Child Custody and Visitation - Dan Robin, Jr.
Child Custody and Visitation
If you are a parent considering or involved in a divorce, you may be looking for information on how child custody and visitation issues are resolved in divorce. Generally, like all aspects of divorce, child custody and visitation will either be decided by agreement between the divorcing parties or by the court (often with the help of attorneys and mediators).
In Louisiana, the court shall award custody in accordance with the parents' agreement, unless the best interests of the child prove otherwise. If there is no agreement or if an agreement is not in the best interest of the child, the court shall award joint custody. However, custody by only one parent may be awarded if it is shown by clear and convincing evidence to serve the child's best interests to do so, these being a stable environment, responsible caregiver preferences and such. Usually the parent not awarded custody is entitled to reasonable visitation. Reasonable visitation means that it is left to the parents of the child (you and your ex-spouse) to come up with a plan or schedule of visitation times. When the parents are able to cooperate, this is generally not a problem to determine visitation schedules and allows the parents to work around their necessary schedules.
Often the parent with custodial rights will generally have more power and influence over what is considered "reasonable visitation" in terms of times and length of stay. But keep in mind that the custodial parent has no legal duty to agree to any proposed visitation scheduled. If a parent is being inflexible just to be malicious towards his or her ex-spouse, this can backfire and a judge may take this into consideration if visitation issues ever need to be reviewed. If you and your ex are currently under a reasonable visitation plan and it is not working, you may go back to the court and ask for a different arrangement of parental visitation rights, such as a "fixed" visitation schedule.
Reasonable visitation can work very well as long parents are willing to communicate with each other in a sane, rational manner. If you believe that you and your ex-spouse will not be able to cooperate in a reasonable visitation plan, you should let the judge know this and insist on a fixed visitation schedule instead.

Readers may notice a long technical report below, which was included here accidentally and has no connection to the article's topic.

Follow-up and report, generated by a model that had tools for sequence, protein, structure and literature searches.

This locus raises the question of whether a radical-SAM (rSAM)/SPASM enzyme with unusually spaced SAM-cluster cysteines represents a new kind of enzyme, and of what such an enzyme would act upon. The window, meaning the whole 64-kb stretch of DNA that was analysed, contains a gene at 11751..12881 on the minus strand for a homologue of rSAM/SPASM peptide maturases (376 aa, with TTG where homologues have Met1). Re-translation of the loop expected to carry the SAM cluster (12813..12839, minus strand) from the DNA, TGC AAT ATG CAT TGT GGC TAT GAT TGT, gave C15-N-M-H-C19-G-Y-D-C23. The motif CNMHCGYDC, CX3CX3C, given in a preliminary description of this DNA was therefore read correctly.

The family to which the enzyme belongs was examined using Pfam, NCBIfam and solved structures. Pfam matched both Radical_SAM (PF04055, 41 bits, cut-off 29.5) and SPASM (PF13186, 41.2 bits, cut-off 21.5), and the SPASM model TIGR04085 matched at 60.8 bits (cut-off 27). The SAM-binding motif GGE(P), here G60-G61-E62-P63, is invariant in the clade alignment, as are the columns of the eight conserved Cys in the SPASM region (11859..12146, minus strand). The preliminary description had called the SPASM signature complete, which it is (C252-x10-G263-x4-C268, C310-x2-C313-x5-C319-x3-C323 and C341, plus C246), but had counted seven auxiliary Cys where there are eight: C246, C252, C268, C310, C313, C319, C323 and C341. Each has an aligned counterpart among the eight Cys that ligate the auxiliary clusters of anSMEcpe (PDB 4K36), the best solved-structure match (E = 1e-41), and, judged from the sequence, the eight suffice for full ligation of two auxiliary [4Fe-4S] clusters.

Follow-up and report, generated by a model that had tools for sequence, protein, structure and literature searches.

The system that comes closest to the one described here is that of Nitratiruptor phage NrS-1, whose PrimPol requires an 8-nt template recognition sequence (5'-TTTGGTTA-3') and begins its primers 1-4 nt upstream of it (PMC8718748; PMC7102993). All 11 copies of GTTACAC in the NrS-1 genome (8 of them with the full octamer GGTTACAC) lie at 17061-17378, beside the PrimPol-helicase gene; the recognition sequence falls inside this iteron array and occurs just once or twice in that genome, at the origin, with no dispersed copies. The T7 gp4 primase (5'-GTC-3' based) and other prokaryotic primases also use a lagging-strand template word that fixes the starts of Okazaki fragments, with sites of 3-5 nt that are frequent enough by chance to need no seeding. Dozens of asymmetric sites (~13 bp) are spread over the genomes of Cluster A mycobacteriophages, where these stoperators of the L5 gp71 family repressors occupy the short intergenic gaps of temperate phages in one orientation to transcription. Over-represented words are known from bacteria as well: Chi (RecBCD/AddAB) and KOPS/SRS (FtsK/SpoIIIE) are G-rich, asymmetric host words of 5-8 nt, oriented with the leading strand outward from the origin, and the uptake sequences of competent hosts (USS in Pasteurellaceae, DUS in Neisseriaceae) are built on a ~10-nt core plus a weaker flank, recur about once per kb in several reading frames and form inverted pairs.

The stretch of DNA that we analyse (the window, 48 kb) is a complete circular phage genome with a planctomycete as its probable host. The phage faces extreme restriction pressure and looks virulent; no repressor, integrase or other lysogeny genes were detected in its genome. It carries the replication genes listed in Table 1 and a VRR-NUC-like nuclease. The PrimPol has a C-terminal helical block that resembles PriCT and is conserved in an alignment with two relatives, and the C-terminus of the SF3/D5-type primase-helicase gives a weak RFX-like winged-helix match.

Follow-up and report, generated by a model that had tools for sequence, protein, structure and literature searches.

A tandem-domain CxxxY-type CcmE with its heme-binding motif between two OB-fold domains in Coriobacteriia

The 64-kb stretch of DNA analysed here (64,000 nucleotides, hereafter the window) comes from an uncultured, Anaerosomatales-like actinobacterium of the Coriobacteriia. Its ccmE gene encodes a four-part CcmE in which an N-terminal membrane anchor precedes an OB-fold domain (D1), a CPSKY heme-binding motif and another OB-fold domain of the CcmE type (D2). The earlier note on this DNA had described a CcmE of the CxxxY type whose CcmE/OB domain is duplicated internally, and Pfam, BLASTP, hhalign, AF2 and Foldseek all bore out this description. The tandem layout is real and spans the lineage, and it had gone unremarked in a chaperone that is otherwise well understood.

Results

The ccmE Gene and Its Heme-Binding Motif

Often courts are inclined to place parents on fixed visitation schedules when it appears clear that there is conflict between the parents and they are not willing to cooperate with each other. And courts may be more inclined to issue fixed visitations because it offers some stability that children can rely on in an upsetting and confusing period that a divorce can bring into their lives.
If there is a history of abuse towards a spouse or children, this needs to be pointed out to the court when the court is deciding parental visitation rights. If a court thinks that the non-custodial parent is likely to harm or abuse the child during their visitation time, the court will order supervised visitations to ensure protection, meaning the child must be in the presence of another adult (other than the custodial parent) that will prevent any abuse of the child. It might be a person appointed by the court or agreed upon by the parents (such as a grandparent). Without question, all supervisors must be approved by the court to fill this role.
In regards to grandparent rights, very state in the county has some sort of law that allows for grandparent visitations. However, parents are generally given great weight in decisions to grandparent visitation, with the law differing state by state. You may wish to speak with a divorce or child custody lawyer who may help educate you on visitation laws that may be available in your state.
Are you currently going through a divorce and need information regarding child custody, visitation or support? Contact our Louisiana Child Support Lawyers for a Free Case Evaluation today!